Media Release
23 October 2020

Ararat residents who have any symptoms of coronavirus (COVID-19), no matter how mild, are urged to get tested after viral fragments were detected in their local wastewater with no residents known to have had a recent COVID-19 illness or diagnosis.

Fragments of SARS-CoV-2, the virus that causes coronavirus, have also been detected in untreated wastewater samples collected in recent days from wastewater treatment plants at Colac, Gisborne, Kilmore and Shepparton where there are known residents with recent infections.

While the test results may not mean there are currently active cases of COVID-19 in these communities, the Department of Health and Human Services has increased testing with local health services and taken further wastewater samples.

People who have had coronavirus may shed the virus or virus fragments for several weeks on used tissues, off their hands and skin when washing, and in their stool, well beyond their infectious period.

The preliminary positive test result from Ararat is not expected, with no known recent cases of coronavirus (COVID-19) in the area. As with all wastewater testing, it may be because of someone local who is shedding the virus or from a visitor to the area.

While the other positive wastewater test results are in line with recent known cases of coronavirus (COVID-19), the most recent cases in the Colac and Gisborne areas, including New Gisborne, Macedon and Mt Macedon, are nearing the end of the typical shedding period.

A pop-up testing site has been established at East Grampians Health Service on Girdlestone Street, Ararat, from Friday 23 October to Sunday 25 October. It will be open from 9.30am to 5pm. For a full list of testing locations, visit where to get tested.

Wastewater testing provides an additional and complementary tool to the existing public health response and can provide early warning that coronavirus is in a community.

Victoria this month increased its surveillance of wastewater. Samples are now taken from 42 wastewater treatment plants across Victoria with additional sites recently at Bacchus Marsh, Bairnsdale, Cowes, Gisborne, Hamilton, Horsham, Kilmore, Melton, Portland and Warrnambool.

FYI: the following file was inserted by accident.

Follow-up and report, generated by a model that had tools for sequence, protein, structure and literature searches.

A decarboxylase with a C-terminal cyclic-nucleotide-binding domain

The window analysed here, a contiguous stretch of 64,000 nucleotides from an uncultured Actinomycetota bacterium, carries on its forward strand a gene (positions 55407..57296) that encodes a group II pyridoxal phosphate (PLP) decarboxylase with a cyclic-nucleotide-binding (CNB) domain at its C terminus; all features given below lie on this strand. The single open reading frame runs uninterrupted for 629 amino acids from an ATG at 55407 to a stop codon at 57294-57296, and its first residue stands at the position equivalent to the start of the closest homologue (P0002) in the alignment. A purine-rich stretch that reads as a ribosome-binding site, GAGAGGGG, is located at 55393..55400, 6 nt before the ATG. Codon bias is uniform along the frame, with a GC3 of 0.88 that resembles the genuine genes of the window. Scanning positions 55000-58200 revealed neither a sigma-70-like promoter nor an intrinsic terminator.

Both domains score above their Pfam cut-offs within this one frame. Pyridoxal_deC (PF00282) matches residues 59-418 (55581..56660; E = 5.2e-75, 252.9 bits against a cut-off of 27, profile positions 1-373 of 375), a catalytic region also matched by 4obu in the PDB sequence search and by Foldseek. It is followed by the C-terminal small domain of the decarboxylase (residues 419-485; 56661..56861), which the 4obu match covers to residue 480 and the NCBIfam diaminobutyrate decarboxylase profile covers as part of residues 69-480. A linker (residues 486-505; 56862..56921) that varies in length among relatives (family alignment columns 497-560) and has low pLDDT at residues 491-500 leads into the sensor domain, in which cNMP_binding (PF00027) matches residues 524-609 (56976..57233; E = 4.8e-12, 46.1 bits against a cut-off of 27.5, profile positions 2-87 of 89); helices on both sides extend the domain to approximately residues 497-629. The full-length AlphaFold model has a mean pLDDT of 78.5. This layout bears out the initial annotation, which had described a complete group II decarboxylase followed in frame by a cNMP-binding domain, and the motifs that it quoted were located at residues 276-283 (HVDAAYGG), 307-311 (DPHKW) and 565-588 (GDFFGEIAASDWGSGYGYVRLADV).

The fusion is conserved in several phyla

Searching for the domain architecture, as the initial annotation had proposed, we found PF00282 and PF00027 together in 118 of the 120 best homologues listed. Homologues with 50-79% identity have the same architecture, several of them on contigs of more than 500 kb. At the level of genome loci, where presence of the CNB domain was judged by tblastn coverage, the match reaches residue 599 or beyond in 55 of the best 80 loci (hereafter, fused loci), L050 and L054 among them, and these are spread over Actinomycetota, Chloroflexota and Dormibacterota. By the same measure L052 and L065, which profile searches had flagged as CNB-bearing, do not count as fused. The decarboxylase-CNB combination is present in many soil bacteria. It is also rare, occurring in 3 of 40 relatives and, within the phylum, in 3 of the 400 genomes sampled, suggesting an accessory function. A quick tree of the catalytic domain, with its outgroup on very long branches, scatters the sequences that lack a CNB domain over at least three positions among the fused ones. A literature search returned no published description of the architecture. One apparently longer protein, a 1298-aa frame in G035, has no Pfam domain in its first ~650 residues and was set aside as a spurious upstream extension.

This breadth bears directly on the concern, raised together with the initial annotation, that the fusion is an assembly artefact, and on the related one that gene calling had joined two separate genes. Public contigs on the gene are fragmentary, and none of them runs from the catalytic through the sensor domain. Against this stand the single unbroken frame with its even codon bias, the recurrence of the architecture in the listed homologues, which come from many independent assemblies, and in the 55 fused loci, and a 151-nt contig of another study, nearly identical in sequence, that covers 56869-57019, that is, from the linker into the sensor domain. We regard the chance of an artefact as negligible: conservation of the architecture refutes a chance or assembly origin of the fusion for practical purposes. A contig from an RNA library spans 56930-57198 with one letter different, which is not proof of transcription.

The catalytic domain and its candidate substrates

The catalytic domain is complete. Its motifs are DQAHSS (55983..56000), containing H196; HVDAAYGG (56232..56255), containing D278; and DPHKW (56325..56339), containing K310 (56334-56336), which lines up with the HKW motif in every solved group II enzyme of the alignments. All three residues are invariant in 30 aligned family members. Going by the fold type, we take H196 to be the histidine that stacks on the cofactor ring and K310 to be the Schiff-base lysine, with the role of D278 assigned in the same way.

Victoria’s Chief Health Officer Brett Sutton said finding cases early can help the Department’s disease detectives track the spread of the virus and implement strategies to minimise transmission.

In September, testing was stepped up in the Apollo Bay area and then in the Anglesea area after virus fragments were detected in the towns’ wastewater despite no known local people with recent coronavirus infection. With several weeks passing since detection at both sites, it is unlikely that there are active undiagnosed cases in the area.

“Wastewater testing may indicate there are undiagnosed cases of coronavirus (COVID-19) in Ararat and we are erring on the side of caution by increasing the availability of testing in the area,” Professor Sutton said.

“Anyone feeling unwell with even the mildest of symptoms should get tested as soon as possible and isolate as they wait for their result.”

Victoria is part of a national collaboration for sewage surveillance for SARS-CoV-2, known as ColoSSoS. Coordinated by Water Research Australia, the project brings together health departments, water utilities, laboratories and researchers from Australia and New Zealand to share advances in this rapidly evolving field.

Wastewater samples used for testing are taken at the influent (or entry pipe) to wastewater treatment plants. The viral fragments themselves are not infectious. There is no evidence that coronavirus (COVID-19) can be spread via recycled water nor via treated wastewater released to waterways.

There is also no impact on local water supplies. Drinking water supplied by water utilities is safe to drink and be used for normal household purposes.

More information on wastewater testing is on the Department of Health and Human Services website.

Media enquiries

Department of Health & Human Services Media Unit (03) 9096 8860 or